New NA28 Greek New Testament text is free online

na28The full text of the new NA28 Greek New Testament is available online for free. No critical apparatus (that will probably be for-pay only), but it’s nice to be able to easily access the text now. You can go here to do that.

More about the Nestle-Aland edition is here.

New scholarly edition of the Greek New Testament

The Nestle-Aland Novum Testamentum Graece (Greek New Testament) releases in its 28th edition soon. Here is a description from the NA28 Website:

The long-awaited 28th edition of the Novum Testamentum Graece has now been published. Once again the editors thoroughly examined the critical apparatus and they introduced more than 30 textual changes in the Catholic Letters, reflecting recent comprehensive collations. With the intent to make this book more user-friendly, the editors also revised the introductions and provided more explanations in English. This concise edition of the Greek New Testament, which has now grown to 1,000 pages, will continue to play a leading role in academic teaching and scholarly exegesis.

Prof. Dr. Holgar Strutwolf speaks more about it here:

And check out this page for the digital Web-based version of the text, with apparatus and full manuscript information (via Evangelical Textual Criticism).

Magnificent Monograph Monday: How to Read a Book

There’s a good plug over at Near Emmaus blog for How to Read a Bookwhich my friend Ian recommended to me, and which just came in the mail today. Especially any of you going back to school, see what Near Emmaus has to say about the book. I haven’t read it yet, but I’ve heard multiple times now in recent weeks that it’s a good one.

A New Reader’s Lexicon of the Greek New Testament, Reviewed

Unfamiliar vocabulary proves to be an enduring challenge for students of New Testament Greek. Even students who understand the rules of the language get bogged down having to look up uncommon words while translating. Nevertheless the correct interpretation of many passages of Scripture hinges on the meaning of its rare words.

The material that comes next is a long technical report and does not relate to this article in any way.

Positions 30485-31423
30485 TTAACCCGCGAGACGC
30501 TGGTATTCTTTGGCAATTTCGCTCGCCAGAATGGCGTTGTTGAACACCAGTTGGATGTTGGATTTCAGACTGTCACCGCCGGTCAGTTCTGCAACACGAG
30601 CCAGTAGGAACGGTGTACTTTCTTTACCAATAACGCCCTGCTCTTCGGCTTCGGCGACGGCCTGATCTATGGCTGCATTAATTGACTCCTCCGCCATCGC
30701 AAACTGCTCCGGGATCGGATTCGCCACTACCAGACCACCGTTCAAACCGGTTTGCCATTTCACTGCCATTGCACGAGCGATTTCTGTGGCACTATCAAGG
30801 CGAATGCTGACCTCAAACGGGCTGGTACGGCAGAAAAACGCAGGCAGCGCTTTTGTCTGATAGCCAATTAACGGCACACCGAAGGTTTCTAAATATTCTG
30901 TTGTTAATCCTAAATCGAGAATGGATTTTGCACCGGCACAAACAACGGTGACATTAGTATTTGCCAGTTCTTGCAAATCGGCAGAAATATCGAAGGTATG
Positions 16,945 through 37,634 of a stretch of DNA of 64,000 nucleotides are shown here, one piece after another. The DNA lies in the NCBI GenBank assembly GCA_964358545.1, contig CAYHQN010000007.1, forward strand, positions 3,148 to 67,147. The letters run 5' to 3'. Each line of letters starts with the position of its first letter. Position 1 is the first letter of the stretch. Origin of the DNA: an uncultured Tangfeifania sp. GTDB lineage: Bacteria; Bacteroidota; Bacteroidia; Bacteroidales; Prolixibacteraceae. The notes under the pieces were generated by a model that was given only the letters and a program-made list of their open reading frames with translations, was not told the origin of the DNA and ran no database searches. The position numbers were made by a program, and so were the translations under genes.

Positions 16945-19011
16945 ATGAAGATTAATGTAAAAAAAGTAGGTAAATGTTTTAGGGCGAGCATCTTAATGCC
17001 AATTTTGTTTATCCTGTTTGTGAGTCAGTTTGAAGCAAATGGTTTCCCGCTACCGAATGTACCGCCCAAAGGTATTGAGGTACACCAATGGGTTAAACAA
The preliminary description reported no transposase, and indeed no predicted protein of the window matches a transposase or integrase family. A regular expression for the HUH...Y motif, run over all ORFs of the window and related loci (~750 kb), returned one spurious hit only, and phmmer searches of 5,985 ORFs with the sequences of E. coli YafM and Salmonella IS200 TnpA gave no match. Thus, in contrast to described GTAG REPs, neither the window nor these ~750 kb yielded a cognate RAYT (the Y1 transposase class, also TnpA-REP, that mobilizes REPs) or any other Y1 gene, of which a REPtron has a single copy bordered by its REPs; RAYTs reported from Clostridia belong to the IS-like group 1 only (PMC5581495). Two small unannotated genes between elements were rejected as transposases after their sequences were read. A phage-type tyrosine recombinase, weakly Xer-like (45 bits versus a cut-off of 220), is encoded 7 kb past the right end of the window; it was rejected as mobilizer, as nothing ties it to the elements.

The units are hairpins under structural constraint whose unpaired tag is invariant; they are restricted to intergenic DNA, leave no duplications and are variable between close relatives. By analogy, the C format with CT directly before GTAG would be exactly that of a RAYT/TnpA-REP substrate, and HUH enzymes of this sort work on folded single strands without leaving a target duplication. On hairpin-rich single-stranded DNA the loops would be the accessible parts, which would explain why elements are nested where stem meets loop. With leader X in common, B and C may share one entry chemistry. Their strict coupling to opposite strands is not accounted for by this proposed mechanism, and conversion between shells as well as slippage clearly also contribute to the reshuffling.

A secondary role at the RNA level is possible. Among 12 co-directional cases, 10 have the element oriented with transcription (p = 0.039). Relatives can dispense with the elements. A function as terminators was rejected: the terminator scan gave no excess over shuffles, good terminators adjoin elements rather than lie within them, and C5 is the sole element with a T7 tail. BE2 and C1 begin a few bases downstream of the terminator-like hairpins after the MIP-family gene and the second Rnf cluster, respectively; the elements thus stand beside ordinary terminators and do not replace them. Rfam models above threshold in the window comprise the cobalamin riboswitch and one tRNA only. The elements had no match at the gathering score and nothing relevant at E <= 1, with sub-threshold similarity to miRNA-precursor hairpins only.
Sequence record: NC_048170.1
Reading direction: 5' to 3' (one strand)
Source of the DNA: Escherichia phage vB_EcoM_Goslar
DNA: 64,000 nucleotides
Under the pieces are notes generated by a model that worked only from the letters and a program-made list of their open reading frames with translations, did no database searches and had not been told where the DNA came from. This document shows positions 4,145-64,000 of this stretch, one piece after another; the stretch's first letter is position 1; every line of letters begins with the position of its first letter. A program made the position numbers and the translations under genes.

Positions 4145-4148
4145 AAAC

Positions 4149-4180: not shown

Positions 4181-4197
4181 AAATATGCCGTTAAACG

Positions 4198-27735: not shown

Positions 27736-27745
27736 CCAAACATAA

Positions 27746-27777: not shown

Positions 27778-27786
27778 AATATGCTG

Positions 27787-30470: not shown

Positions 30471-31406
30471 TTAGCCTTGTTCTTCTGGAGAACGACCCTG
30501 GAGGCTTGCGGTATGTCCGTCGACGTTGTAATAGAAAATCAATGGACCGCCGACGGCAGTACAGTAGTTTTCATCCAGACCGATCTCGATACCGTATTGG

–Michael H. Burer and Jeffrey E. Miller, Preface

Vocabulary acquisition is key to being able to read any language, but so is just reading a text straight through. A “reader’s lexicon” or “reader’s Bible” seeks to bridge the gap so students can both improve their vocabulary and engage in a continuous reading of the text. To that end, Kregel Academic and Professional has published A New Reader’s Lexicon of the Greek New Testament by Michael H. Burer and Jeffrey E. Miller.

But why a new reader’s lexicon when the old one (by Kubo) has been useful to students of the Greek New Testament for so long? That’s been the primary question before me as I’ve reviewed the New Reader’s Lexicon (NRL). Daniel B. Wallace in the preface gives the reasons for this new lexicon:

But as helpful as Kubo was, there were weaknesses. First, it was not updated to the glosses found in the third edition of the Bauer Lexicon (BDAG). Second, there were numerous errors (involving word frequency numbers, omissions of words, inappropriate glosses, etc.) that went uncorrected. Third, the special vocabulary section at the beginning of each book, involving all the words that occurred more than five times in that book but less than fifty times in the New Testament, created its own problems: designed for efficiency of space, it did not prove helpful for efficiency in learning.

While I think Wallace has it right on the first two points, I (sort of) disagree with the third–that list that Kubo offers at the beginning has actually been helpful to me for learning a given book’s vocabulary, since it groups some of that book’s common words together. However, it does mean that words in that beginning list don’t then appear in Kubo’s lexicon throughout the rest of the book. To overcome this, I would make a copy of the list and use it as a bookmark, referring to it often so I didn’t have to keep flipping pages.

Herein lies one area of strength for the New Reader’s Lexicon. There is no common vocabulary list at the beginning of each book (users now can generate those easily enough through Bible software), but it means that every word that occurs less than 50 times in the New Testament is in this lexicon… in the verse in which it appears. So as I’m beginning my way through Mark 6, I can look in the NRL to quickly see that ἐκεῖθεν in verse 1 means “from there.”

To Wallace’s first two points, that the NRL uses the updated BDAG is a great relief–readers now don’t have to guess whether recent advances in lexicography or discoveries of new papyri mean that the word in front of them actually has a slightly different nuance. The NRL updates Kubo here well.